Electrochromic Gels for Smart Windows (ChromGels)

Lead Research Organisation: University of Glasgow
Department Name: School of Chemistry


It has been shown that large office buildings waste 20-40% of their energy on air-conditioning to cool down the building as a result of the sun. This is highly inefficient and has an impact on the environment. One way that has been proposed to tackle this problem is the use of Smart Windows. These windows are comprised of chromic materials that change to a dark colour upon the application an external stimulus. The change in colour results in high energy UV light that heats up the building being filtered out, thus reducing the need for air-conditioning. It is predicted that these technologies will save 20% on their energy bills, as the buildings will not heat up as much from the sunlight. However, so far this transparent-to-dark colour has been difficult to achieve. Suitable materials for Smart Glass that can change colour can be metal-based, organic-based or a hybrid of the two. Metal-based chromics are already used in displays and diagnostic tests. However, precious metals (Au and Ag) used in these high-end technologies is a rapidly running out resource, and are often difficult and dangerous to mine, and their use relies on countries cooperating well with each other. The processing of metals such as Cd, Lb, U and Cs has huge environmental consequences and the disposal of them leads to toxic and nuclear waste which has devastating effects on the workers, neighbouring villages and wildlife. Any metals that can be replaced with organic alternatives have a huge benefit to health, the economy and the environment. Organic materials are generally easier to process and can be synthesised on a larger scale. We have found a molecule based on a functionalised naphthalene diimide that when self-assembled in water shows great promise to be used in such applications. From proof of principle data we have collected, the assembled material can undergo a reversible transparent to black transition by applying a small voltage to the sample. This transition is quick and can be cycled at least 100 times without loss of colour intensity or response time. However, this system needs optimising to be able to fulfil industry standards, for example stability over 1000 cycles, reducing the speed of response of both transitions and the uniformity of colour across the device. We aim to do this with this proposal to make the organic alternative to metal systems competitive to use in the Smart Window technology.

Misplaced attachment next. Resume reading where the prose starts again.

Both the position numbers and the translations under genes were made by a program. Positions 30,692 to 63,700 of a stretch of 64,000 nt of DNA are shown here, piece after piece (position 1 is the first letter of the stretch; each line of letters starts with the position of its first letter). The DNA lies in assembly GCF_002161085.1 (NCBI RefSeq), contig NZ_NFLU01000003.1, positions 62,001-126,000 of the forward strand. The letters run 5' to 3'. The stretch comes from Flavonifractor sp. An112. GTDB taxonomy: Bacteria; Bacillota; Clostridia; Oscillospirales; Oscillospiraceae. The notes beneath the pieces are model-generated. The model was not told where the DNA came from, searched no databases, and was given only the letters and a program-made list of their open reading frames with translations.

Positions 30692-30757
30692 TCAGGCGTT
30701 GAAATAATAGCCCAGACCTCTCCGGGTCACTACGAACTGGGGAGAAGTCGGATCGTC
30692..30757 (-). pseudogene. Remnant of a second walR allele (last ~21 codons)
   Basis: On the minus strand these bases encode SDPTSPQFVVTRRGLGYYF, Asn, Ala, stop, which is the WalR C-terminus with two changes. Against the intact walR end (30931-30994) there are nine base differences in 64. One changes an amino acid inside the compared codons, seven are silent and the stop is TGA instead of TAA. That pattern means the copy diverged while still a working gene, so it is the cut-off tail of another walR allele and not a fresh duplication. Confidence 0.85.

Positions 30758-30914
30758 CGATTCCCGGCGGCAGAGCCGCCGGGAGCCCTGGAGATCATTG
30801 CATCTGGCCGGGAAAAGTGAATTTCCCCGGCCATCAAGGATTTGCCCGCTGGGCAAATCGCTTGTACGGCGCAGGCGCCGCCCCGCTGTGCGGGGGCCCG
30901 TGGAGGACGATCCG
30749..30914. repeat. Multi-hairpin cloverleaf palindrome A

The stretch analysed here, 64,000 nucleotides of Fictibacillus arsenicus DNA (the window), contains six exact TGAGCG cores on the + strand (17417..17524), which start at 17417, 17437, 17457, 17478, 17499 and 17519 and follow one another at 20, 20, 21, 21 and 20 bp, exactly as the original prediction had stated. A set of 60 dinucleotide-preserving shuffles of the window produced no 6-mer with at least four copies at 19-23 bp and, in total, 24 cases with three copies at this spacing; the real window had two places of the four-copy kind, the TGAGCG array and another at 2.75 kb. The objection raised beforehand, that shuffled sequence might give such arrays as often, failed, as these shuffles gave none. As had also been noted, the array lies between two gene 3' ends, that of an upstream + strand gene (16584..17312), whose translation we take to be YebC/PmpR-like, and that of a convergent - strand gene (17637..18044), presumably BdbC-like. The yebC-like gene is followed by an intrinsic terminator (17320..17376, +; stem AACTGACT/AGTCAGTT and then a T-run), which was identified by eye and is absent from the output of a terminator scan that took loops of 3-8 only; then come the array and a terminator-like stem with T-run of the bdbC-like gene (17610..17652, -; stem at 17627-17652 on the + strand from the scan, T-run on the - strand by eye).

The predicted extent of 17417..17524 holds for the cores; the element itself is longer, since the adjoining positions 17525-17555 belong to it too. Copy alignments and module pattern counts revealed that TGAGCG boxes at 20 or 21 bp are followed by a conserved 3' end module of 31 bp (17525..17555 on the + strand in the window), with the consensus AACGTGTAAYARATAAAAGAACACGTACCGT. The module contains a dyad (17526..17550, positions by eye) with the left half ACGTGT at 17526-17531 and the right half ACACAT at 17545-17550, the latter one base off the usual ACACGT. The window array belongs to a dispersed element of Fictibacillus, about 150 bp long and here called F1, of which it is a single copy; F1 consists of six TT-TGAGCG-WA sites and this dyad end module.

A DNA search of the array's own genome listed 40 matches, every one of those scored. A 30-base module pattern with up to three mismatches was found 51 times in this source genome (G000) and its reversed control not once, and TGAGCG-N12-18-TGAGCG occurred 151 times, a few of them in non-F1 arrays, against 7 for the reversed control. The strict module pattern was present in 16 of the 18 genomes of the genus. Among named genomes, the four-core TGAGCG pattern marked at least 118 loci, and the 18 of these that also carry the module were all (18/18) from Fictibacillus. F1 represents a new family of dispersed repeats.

Planned Impact

The ultimate aim for the impact of this project would be on the environment. By using these organic alternatives to metal-based materials this would reduce our dependence on these expensive and environmentally damaging metals. By not using metals in the devices, we will also reduce the cost of the production and processing costs and so therefore reduce the overall cost to the consumer to buy this technology. This cheaper cost would allow the devices to be used more widely in building as they would be more cost effective and accessible. This means potential reduction in air conditioning in large office building to cool them down which is currently needed to cool them down from heating up from the sun through the windows. Overall, this will lead to more sustainable cities and futures.

By showing that organic alternatives to metal can compete with their metal-based competitors this could lead to more research being dedicated to finding organic based alternatives to metals in other technologies such as renewable energy, so further reducing the use of metal in technology.

If the technology were commercialised as hoped, this would create new jobs within the company to develop the technology into actual working windows. The new product and the multi responsiveness of the materials gives the company a unique product and so potentially would make the company a lot of money. This is due to the materials being so cheap to produce and very little processing. By keeping the cost down, it also allows it to be more affordable to consumers. By installing the windows in homes or offices, they are able to reduce the need for air-conditioning and so reducing the running costs of buildings and the saving energy. The money saved through this makes the windows essentially pay for themselves in the long run.

There will also be impact for the PDRA and PI on this project. Both the PDRA and PI will have the chance to interact with industry and see how they work and get the chance to meet engineers and technology experts who can bring technologies to the market. This is invaluable and such knowledge can be applied to future grant applications as the most important industrial aspects rather than just academic can be thoroughly considered due to having experience of working in both environments. The PDRA will gain experience not only with any new techniques they may learn either in the PI's lab or in the lab or our collaborator (Walsh), but will also gain industrial lab experience. This will give them the chance of working in industry which most PDRA researchers do not get the chance to do and will help them make decisions of what career path they would like to pursue in the future. The PDRA will also present at conferences and will learn essential communication skills and build confidence from networking from attending these events


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